Re: Some comments

> Sender:
> From: "Almer S. Tigelaar" <>
> Date: Fri, 28 Jul 2000 21:57:28 +0200
> To: Jim Gettys <>
> Cc: Havoc Pennington <>,
> Subject: Re: Some comments
> -----
> Hello,
> Jim Gettys wrote:
> >
> > So a vendor would like to keep it secret until announcement, but also need
> > comments for their press release.  Right now, this means that at best there
> > are approaches to individuals, which I think is a much worse situation
> > than to a board (which may involved.
> >
> > Solution: limited confidentiality...
> >
> > This kind of thing has come up again and again over the history of X (there
> > were large donations by various vendors, including the X11 sample server
> > in the first place by Digital), and will with Gnome, and is coming up
> > with Apache.
> Hmmm, I am curious : How did this work out with X? Did they have
> some guidelines there on this sort of confidentiality issues?

I did not personally deal with this with the X Consortium (my work on X
was mostly done about the time it was founded, with the exception of XSYNC).
Before the X Consortium, Bob Scheifler and I respected the secrets we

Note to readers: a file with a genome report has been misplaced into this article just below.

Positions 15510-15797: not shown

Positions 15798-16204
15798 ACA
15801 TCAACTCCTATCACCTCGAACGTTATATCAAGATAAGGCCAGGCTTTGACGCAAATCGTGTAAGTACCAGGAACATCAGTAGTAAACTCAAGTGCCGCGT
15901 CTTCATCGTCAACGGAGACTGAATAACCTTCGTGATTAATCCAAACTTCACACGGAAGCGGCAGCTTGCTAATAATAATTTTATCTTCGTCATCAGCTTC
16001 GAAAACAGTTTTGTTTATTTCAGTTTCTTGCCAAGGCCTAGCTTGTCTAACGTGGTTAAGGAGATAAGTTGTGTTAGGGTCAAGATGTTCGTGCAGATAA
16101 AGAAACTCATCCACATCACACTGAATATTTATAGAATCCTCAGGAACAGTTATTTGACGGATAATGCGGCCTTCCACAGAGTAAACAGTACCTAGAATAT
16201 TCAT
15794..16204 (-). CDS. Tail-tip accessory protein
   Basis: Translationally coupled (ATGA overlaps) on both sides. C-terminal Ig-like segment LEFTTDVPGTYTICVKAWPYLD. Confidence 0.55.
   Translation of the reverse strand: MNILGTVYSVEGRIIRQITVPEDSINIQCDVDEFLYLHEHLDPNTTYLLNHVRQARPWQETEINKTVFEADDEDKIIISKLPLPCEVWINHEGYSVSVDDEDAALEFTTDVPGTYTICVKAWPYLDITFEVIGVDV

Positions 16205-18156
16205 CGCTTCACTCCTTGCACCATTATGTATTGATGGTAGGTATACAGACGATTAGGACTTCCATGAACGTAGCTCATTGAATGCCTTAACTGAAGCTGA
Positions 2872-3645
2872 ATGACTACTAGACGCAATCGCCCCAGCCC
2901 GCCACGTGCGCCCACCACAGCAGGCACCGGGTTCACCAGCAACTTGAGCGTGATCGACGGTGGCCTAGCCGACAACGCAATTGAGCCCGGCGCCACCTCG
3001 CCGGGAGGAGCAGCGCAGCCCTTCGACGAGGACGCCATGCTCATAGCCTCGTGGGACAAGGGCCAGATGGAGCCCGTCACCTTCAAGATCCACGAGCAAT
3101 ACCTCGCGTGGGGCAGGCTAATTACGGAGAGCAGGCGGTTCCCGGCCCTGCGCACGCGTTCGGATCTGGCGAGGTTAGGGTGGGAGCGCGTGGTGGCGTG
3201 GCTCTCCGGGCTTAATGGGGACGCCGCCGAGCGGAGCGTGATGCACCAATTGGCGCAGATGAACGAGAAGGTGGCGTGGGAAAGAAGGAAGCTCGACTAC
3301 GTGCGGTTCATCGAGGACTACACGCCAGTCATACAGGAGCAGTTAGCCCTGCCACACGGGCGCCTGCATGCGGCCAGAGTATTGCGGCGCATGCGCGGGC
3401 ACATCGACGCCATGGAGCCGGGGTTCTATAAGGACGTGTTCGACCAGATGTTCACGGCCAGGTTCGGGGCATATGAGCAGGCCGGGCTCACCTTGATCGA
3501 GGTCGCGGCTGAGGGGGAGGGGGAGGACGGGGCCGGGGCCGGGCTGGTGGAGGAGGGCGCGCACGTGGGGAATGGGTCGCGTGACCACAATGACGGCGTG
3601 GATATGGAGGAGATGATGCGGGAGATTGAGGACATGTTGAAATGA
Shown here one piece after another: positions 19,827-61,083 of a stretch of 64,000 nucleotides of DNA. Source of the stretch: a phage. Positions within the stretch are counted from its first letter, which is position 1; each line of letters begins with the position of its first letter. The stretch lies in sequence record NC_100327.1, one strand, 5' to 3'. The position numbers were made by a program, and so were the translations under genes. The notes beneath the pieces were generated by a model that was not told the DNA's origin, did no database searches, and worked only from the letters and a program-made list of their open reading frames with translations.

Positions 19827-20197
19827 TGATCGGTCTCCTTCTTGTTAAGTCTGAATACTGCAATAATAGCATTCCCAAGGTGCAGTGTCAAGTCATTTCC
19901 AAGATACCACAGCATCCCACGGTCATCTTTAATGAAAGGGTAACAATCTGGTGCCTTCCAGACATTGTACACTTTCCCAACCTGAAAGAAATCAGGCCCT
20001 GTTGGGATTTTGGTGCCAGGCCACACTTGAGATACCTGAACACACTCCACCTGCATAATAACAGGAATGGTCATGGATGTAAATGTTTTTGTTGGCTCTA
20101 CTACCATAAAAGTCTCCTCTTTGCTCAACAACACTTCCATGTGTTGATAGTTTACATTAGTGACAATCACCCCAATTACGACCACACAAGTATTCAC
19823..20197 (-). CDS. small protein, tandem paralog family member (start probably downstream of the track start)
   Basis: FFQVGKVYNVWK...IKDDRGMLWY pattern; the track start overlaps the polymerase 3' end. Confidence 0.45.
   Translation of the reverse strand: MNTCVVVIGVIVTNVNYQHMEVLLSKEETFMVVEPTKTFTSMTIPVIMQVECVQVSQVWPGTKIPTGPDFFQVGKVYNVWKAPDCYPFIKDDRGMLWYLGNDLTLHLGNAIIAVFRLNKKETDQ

were imparted with...  If you can't talk reasonably freely at times, it
is difficult to make progress.

In the Web consortium (which I was part of for quite a while), there were 
occasional times when staff (and I presume W3C advisory committees) had 
confidential information, though the expectation was always that this, 
presuming a vendor went ahead, would lapse eventually (when things went 
public, typically the submission of a proposal, which vendors would want 
review on before going public with the proposal).  When such information 
was made available, it was certainly the exceptional case, and staff were 
asked to respect the confidential nature of the information (until things
went public, presuming they moved forward).

I did not perceive any particular problems.

> > So there are times confidentiality is needed, and I'm skeptical of how
> > far in advance you can forsee the circumstances.
> Well, you don't have to specify very restrictive limits, but there
> should
> probably be some predefined limits and some way for foundation members
> to request insight into confidential notes in extreme cases I think.

I think the extreme case is to fire the board if it abuses what should
be a limited thing, rather than too much prescription in advance of what
they can or cannot do.  My opinion is that beyond saying that it be
kept to a minimum nothing should go in the basic documents: I think this
is a situation for case law, rather than constitution.

There is the issue that anyone on the board should be expected to keep 
confidentiality (or at least leave the discussions if they come up) in 
matters brought to the board that way.  This is SOP in various organizations 
(or how could you have confidential discussions in the first place).
				- Jim

Jim Gettys
Technology and Corporate Development
Compaq Computer Corporation

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